The family room is a fabulous room. Funky wood floors, an old wood stove, big windows, and three doors to the backyard. Doors covered in…vertical blinds! The blinds were supposed to be white once upon a time, or at the very least cream colored, but now they have a sort of sallow, yellow look. If a paint company needed a name for this precise shade, they might choose “malarial yellow*.” And because the family room has two sliding doors and a french door, there are three sets of vertical blinds. It’s practically all you see when you walk in.

Yeah, I know. Ew.

But we move a little slowly in this house, not only when I’m on the elliptical machine, but also when it comes to getting things done, and while we have finally actually looked at various options for the blinds, we haven’t found anything we like…at least that we can agree on. This slow relaxed pace doesn’t only apply to large-ish jobs like window treatments. We usually start off with, “It would be so much easier to find things in our closet if we had some kind of storage system.” (Piles of shoeboxes and stacks of folded shirts continue to topple out every time we open the door.) Or, “Hmm, maybe we should you know, clean the scum out of the bathtub so our toddler can graduate from her infant tub.” (She’s still in the infant tub.)

Frustrated when trying to carve the turkey last Thanksgiving, Husband’s parents gave us a knife sharpener for Christmas. Five months later, we have sharpened two (2) knives. Even really simple chores, like replacing the sprinkler heads so our lawn doesn’t turn brown, get shuffled to the end of the to-do list in favor of a) reading, b) writing, c) sleeping, or d) just about anything else.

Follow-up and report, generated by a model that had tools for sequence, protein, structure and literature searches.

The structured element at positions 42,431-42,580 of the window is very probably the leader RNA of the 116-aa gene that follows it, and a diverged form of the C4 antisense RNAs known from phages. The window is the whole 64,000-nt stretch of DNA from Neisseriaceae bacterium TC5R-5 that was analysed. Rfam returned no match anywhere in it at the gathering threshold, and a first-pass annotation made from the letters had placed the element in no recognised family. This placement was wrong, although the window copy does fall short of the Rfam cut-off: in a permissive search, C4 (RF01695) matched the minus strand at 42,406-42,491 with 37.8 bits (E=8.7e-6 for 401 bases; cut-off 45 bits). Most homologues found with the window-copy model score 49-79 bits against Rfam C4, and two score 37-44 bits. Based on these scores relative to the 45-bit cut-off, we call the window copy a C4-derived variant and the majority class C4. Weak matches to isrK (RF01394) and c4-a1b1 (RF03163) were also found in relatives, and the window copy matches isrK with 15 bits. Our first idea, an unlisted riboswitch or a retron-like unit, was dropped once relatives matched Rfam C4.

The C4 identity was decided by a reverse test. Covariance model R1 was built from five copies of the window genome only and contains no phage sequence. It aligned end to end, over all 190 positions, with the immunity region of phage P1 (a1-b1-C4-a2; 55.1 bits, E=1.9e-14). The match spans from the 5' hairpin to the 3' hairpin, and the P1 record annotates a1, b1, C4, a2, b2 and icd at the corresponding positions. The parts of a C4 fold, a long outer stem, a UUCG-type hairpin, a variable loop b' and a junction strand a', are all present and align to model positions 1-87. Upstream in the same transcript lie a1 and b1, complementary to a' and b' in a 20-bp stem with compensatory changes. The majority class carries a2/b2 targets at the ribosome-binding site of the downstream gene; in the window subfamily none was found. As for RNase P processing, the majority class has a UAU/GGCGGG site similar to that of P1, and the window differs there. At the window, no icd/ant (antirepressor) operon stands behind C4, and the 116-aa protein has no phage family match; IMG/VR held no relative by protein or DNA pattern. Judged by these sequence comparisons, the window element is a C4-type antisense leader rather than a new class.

How I wish I could blame it on Z. She was the perfect screaming scapegoat when she was four months old and permanently attached to my chest. I could barely take a shower, much less manage to vacuum or unload the dishwasher. Now that she’s older and can play on her own for up to an hour, I’m fresh out of scapegoats. The truth is, we’re just not the type of people who enjoy productive pursuits.

Sometimes I fantasize about going back to Jane Austen time, when people could dabble in painting, learn languages, and embroider because they had nannies and gardeners and cooks and maids.

Then I remember: not every person had those perks, because somebody had to actually be the nannies, gardeners, cooks, and maids. So while I’m nostalgic for a time I’ve never known, I end up wondering: would I have been Elizabeth Bennet, touring the countryside and popping up at Pemberley, or would I have been Hill, catering to every freaking complaint of Mrs. Bennet?